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Magdalena Koziol, a former postdoc at Yale University, was the victim of scientific sabotage. Now, she is suing the...
Antiretroviral drugs can protect people from becoming infected by HIV. But so-called pre-exposure prophylaxis, or PrEP...
Two studies show that eating a diet low in protein and high in carbohydrates is linked to a longer, healthier life, and...
Considered an icon of conservation science, researchers at World Wildlife Fund (WWF) headquarters in Washington, D.C.,...
The new atlas, which shows the distribution of important trace metals and other substances, is the first product of...
Early in April, the first of a fleet of environmental monitoring satellites will lift off from Europe's spaceport in...
Since 2000, U.S. government health research agencies have spent almost $1 billion on an effort to churn out thousands...
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ScienceShot: A Virtual Reality Body Swap
12 May 2010 5:01 pm
In the virtual world, seeing is no longer just believing—it's being. In a new study, volunteers donned virtual reality goggles that put them in the body of a teenage girl in a virtual living room. The girl's mother stroked her on the shoulder while researchers simultaneously stroked the volunteers. Then, suddenly, the virtual mother slapped the girl—and the volunteers "felt" it. Their heart rates rapidly decelerated, a normal, initial response to a threat, even though there was no slap to their real faces. This is a sign that the subjects had begun to "own" their virtual body, the team reports today in PLoS ONE. The effect was much more powerful if the volunteers had a first-person perspective, looking out of the eyes of the girl, rather than hovering above her in a third-person perspective. As virtual games become more immersive, designers may have to keep health risks in mind.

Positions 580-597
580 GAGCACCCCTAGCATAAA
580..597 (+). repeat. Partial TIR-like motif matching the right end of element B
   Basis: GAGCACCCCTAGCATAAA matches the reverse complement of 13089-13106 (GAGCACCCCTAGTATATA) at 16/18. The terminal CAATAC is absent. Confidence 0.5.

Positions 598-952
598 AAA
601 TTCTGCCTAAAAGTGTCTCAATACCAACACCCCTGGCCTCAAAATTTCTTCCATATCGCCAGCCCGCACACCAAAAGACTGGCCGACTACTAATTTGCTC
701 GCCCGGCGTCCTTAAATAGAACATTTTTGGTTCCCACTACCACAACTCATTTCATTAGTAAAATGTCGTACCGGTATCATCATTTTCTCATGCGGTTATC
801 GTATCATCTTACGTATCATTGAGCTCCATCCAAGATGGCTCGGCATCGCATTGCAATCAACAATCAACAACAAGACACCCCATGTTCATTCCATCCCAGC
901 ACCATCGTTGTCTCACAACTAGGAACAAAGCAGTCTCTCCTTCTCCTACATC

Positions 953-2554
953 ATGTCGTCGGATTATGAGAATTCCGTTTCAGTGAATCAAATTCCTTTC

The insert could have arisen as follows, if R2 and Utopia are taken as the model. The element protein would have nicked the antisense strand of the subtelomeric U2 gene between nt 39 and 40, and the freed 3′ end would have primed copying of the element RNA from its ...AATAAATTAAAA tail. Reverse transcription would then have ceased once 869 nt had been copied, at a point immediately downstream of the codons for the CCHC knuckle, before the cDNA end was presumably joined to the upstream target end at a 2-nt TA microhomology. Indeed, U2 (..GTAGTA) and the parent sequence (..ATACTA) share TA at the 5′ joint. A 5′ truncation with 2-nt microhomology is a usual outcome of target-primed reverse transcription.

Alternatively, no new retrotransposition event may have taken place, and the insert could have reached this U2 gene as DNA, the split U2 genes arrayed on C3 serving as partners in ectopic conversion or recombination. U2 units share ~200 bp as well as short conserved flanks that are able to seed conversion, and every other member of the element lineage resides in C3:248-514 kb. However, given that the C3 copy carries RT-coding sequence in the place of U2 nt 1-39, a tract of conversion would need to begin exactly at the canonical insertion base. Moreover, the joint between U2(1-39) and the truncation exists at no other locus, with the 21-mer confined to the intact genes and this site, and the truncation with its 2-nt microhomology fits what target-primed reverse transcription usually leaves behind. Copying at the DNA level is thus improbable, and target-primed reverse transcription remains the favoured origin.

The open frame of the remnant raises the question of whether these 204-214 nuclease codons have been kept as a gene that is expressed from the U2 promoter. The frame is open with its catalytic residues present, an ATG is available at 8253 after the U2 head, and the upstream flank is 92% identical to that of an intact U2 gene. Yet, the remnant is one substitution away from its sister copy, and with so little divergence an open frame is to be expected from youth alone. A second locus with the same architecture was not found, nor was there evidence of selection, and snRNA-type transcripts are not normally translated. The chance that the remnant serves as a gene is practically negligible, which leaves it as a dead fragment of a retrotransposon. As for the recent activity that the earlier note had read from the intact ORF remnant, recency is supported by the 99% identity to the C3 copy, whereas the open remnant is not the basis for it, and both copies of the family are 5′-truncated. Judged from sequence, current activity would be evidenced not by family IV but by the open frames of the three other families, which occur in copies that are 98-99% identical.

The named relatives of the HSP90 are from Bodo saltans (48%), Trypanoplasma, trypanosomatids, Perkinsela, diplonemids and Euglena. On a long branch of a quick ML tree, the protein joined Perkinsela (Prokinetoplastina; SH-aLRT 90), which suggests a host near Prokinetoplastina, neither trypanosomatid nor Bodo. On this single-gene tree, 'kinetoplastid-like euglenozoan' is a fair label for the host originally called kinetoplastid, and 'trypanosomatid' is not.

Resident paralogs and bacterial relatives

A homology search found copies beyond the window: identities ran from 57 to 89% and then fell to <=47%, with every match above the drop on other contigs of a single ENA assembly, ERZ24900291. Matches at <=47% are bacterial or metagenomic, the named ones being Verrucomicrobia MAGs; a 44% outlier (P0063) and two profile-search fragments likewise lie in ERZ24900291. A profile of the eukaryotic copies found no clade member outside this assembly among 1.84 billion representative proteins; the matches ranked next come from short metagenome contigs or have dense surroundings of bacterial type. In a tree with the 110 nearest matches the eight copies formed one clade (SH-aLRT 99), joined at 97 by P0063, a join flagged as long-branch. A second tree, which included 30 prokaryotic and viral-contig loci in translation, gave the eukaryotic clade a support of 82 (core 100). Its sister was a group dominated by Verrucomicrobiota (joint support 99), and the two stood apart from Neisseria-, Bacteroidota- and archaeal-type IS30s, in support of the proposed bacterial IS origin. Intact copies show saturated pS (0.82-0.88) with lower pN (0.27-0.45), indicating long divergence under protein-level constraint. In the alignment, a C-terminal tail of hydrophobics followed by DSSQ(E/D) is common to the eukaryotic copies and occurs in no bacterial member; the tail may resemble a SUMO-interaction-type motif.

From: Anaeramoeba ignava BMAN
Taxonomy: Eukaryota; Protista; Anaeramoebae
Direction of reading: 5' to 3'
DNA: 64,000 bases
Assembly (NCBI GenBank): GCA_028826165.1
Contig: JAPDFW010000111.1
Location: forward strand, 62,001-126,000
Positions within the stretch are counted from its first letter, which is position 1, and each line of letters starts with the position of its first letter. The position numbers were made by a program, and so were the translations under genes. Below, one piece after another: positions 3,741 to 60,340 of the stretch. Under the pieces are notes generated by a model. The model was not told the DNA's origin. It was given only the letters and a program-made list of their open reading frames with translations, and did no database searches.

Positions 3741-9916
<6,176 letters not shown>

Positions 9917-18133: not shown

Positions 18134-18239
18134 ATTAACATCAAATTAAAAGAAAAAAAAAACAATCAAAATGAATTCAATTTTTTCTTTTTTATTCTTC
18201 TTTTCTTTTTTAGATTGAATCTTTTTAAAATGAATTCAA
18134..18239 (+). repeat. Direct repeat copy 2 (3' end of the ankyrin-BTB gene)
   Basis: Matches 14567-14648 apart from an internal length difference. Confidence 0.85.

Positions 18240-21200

More on virtual illusions:
See more ScienceShots.